Admittedly not one of my more prolific reading years. When all is said and done, I’ll have read a little over 190 books, a good two-thirds of them graphic novels. “Not bad,”you may think but, in comparison to other years, this one was a bit of a letdown. Still, I did manage to discover a few gems. And so here is a rundown of my Top 12 Reads of 2020 – Novel Edition. General fiction, non-fiction, sci-fi, fantasy, horror, and humor – there’s something here for everyone.
#12. Hi-Five by Joe Ide (Published January 28th, 2020)
Cristiana is the daughter of the biggest arms dealer on the West Coast, Angus Byrne. She’s also the sole witness and number one suspect in the murder of her boyfriend, found dead in her Newport Beach boutique. Isaiah Quintabe is coerced into taking the case to prove her innocence. If he can’t, Angus will harm the brilliant PI’s new girlfriend, ending her career.
The catch: Christiana has multiple personalities. Among them, a naïve, beautiful shopkeeper, an obnoxious drummer in a rock band, and a wanton seductress.
Isaiah’s dilemma: no one personality saw the entire incident. To find out what really happened the night of the murder, Isaiah must piece together clues from each of the personalities . . . before the cops close in on him.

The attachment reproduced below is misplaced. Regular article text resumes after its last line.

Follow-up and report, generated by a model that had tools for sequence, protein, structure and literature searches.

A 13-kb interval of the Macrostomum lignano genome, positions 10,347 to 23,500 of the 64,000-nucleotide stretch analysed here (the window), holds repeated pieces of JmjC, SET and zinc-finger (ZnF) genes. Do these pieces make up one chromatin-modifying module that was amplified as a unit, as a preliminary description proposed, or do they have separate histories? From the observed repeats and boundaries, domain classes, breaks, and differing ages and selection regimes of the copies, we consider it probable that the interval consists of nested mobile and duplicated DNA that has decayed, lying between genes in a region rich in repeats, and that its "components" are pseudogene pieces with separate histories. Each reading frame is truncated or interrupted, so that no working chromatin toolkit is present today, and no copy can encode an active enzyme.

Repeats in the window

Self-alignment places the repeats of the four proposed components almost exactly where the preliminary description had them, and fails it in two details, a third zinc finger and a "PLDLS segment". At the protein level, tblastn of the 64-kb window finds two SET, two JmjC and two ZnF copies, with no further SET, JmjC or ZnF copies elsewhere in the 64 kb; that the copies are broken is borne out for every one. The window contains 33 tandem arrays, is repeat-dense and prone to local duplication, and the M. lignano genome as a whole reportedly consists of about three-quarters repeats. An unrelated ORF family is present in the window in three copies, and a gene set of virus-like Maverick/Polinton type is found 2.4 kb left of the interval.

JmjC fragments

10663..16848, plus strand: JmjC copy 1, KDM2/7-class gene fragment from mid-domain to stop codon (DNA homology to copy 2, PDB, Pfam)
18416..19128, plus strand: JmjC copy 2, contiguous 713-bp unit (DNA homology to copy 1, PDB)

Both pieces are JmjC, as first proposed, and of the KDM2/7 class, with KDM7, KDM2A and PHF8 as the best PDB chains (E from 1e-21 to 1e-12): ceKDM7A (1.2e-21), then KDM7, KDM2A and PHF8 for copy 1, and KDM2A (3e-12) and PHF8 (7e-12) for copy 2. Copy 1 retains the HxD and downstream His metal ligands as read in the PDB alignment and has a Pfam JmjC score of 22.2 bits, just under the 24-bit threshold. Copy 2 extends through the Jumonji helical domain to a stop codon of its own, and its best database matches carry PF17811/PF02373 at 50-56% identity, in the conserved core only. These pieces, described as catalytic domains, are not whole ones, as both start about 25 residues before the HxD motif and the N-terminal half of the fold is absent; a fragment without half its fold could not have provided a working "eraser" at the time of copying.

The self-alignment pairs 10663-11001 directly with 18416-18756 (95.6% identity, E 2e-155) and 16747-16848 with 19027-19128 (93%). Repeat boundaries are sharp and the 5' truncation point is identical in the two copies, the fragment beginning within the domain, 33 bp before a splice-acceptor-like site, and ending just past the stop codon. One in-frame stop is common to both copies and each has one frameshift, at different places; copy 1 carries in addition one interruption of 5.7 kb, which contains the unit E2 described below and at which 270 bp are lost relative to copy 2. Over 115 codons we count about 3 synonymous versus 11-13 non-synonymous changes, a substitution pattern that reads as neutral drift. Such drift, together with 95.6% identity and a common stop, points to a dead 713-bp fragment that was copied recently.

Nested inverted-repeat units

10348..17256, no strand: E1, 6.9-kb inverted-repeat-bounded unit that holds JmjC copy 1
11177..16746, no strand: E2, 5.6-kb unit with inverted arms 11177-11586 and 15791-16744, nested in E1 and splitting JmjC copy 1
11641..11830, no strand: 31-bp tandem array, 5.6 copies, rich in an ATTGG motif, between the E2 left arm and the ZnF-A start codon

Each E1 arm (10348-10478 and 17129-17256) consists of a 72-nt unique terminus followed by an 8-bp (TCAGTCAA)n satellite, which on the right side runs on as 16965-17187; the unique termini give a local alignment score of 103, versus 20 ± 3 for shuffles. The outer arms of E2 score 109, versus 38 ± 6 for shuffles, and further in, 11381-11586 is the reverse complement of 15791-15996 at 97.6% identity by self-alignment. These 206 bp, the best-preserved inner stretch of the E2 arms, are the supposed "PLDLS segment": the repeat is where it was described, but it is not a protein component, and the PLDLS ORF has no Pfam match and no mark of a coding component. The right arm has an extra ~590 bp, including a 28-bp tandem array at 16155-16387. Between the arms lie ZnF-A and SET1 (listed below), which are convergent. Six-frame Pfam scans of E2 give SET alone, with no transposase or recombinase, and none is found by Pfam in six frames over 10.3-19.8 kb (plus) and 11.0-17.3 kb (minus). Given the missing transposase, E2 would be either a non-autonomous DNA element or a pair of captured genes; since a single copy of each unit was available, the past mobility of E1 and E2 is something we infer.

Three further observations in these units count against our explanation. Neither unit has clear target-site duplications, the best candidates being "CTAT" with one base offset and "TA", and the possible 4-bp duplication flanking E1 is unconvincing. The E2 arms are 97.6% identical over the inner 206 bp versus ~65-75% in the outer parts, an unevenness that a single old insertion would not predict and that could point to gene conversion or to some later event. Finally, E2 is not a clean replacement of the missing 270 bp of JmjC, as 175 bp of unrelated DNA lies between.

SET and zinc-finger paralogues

#11. Walking to Aldebaran by Adrian Tchaikovsky (Published May 28th, 2019)
My name is Gary Rendell. I’m an astronaut. When they asked me as a kid what I wanted to be when I grew up, I said, “astronaut, please!” I dreamed astronaut, I worked astronaut, I studied astronaut.
I got lucky; when a probe sent out to explore the Oort Cloud found a strange alien rock and an international team of scientists was put together to go and look at it, I made the draw.
I got even luckier. When disaster hit and our team was split up, scattered through the endless cold tunnels, I somehow survived.
Now I’m lost, and alone, and scared, and there’s something horrible in here.
Lucky, lucky, lucky.
#10. Lies My Teacher Told Me: Everything Your American History Textbook Got Wrong by James W. Loewen (Published September 3rd, 1996)
Americans have lost touch with their history, and in Lies My Teacher Told Me Professor James Loewen shows why. After surveying eighteen leading high school American history texts, he has concluded that not one does a decent job of making history interesting or memorable. Marred by an embarrassing combination of blind patriotism, mindless optimism, sheer misinformation, and outright lies, these books omit almost all the ambiguity, passion, conflict, and drama from our past.